Consensus in cosmology happens when there is observational data that constrains serious practicioners into a particular corner of model space. It will alwys become looser the less constrained a domain is, and this is why it is unsurprising that people are not that strongly in agreement about the long-term future.
In terms of popularity I think we have the ordering Heat death > Big crunch > Big rip > CCC. The reason is that when cosmologists allow themselves to extrapolate the consequences of their theories they prefer theories that do not introduce extra complications. One might view this as an application of Occam's razor. Note that predicting odd early phenomena in many ways is more accepted, since it looks like at least in principle one can detect early phenomena.
Assuming the expansion continues like a FLRW universe is the simplest assumption, and given current acceleration that gives endless expansion leading to a heat death state. While there are some people who think collapse has not been entirely ruled out by the data, they seem to be a clear minority.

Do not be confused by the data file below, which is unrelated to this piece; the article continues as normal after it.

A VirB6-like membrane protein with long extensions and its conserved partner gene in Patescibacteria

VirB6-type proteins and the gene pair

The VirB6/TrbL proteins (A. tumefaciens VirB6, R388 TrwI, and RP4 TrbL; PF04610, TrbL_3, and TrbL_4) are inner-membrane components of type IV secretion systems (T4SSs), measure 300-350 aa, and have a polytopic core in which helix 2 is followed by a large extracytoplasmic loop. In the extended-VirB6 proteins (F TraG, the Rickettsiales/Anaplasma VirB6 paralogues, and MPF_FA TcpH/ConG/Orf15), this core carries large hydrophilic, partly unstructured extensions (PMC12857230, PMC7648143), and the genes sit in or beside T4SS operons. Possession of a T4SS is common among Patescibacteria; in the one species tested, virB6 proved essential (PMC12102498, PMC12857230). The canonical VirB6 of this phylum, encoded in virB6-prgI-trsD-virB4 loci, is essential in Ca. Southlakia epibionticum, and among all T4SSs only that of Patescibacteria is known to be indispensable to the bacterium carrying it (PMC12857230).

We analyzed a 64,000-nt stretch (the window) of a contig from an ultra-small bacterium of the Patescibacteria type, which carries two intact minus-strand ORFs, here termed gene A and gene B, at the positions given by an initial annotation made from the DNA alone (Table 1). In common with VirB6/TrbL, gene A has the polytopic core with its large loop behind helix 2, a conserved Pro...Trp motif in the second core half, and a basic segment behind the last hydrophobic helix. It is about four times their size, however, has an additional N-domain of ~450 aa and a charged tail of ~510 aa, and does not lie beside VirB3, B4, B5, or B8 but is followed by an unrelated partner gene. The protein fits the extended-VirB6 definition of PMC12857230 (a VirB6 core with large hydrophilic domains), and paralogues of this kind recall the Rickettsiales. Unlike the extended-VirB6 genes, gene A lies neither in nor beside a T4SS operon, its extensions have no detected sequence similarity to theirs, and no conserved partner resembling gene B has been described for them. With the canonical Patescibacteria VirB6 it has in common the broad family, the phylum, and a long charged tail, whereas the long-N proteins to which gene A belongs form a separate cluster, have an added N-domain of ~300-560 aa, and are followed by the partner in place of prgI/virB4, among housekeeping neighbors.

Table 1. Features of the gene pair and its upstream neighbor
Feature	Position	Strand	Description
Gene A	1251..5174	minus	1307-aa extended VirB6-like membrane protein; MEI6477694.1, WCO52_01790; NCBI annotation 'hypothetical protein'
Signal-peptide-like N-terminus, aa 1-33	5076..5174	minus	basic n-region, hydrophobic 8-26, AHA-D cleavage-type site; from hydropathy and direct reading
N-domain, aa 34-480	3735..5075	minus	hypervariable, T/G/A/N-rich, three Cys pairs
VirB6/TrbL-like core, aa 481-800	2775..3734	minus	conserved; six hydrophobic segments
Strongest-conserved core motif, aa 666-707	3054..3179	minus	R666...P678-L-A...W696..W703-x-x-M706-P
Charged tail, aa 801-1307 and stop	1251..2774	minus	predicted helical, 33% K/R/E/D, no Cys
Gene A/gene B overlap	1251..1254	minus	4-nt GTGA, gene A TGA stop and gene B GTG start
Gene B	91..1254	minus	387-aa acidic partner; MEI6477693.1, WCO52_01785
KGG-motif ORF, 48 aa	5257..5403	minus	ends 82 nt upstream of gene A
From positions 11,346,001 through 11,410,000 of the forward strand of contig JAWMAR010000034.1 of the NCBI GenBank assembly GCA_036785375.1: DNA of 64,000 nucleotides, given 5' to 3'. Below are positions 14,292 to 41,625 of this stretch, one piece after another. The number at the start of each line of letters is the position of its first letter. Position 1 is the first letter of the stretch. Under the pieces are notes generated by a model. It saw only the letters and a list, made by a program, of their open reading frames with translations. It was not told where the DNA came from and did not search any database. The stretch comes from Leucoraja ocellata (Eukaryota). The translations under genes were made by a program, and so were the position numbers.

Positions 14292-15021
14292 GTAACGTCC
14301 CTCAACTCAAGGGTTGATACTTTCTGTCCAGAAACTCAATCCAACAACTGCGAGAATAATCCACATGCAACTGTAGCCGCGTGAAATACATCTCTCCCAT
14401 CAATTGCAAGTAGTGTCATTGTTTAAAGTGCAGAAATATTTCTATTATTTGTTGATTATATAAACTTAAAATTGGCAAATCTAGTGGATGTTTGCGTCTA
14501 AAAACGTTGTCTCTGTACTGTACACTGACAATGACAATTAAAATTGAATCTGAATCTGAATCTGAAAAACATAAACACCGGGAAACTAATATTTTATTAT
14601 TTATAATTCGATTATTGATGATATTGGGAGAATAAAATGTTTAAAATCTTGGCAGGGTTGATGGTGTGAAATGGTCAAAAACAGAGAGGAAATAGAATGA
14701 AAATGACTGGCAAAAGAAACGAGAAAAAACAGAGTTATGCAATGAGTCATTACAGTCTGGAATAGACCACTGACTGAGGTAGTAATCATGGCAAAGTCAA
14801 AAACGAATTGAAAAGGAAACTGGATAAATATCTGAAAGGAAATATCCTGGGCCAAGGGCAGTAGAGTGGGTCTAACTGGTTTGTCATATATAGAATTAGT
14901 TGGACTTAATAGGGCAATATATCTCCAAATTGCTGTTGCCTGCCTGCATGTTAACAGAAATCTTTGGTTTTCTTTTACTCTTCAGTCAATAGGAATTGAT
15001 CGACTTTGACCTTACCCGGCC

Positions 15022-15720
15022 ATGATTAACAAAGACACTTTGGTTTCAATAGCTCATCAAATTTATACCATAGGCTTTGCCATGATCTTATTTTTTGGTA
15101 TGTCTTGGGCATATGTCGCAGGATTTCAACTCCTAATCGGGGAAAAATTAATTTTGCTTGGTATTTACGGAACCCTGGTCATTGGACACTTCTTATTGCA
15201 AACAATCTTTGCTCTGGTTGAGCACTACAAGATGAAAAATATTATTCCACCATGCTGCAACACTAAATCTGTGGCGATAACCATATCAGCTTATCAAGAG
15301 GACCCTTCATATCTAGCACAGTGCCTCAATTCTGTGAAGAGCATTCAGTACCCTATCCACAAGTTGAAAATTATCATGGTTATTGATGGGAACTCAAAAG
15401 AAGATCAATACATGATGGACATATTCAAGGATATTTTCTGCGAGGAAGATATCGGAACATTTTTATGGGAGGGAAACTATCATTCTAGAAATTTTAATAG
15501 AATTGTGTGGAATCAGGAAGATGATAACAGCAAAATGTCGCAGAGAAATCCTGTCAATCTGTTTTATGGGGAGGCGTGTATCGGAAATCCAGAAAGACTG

Big rip theories are very underconstrained: while you get a big rip if $w<-1$ and current data suggest $w\approx -1$, there is a host of related scenarios that include fields that change and allow the effective $w$ to change - selecting between them is hard since observational data will not constrain them much. So this makes people less keen on them.
CCC goes even further, since it predicts some radical and so far never observed phenomena like charge conservation violation (in order to get rid of all fermions). It is very much an interesting minority idea.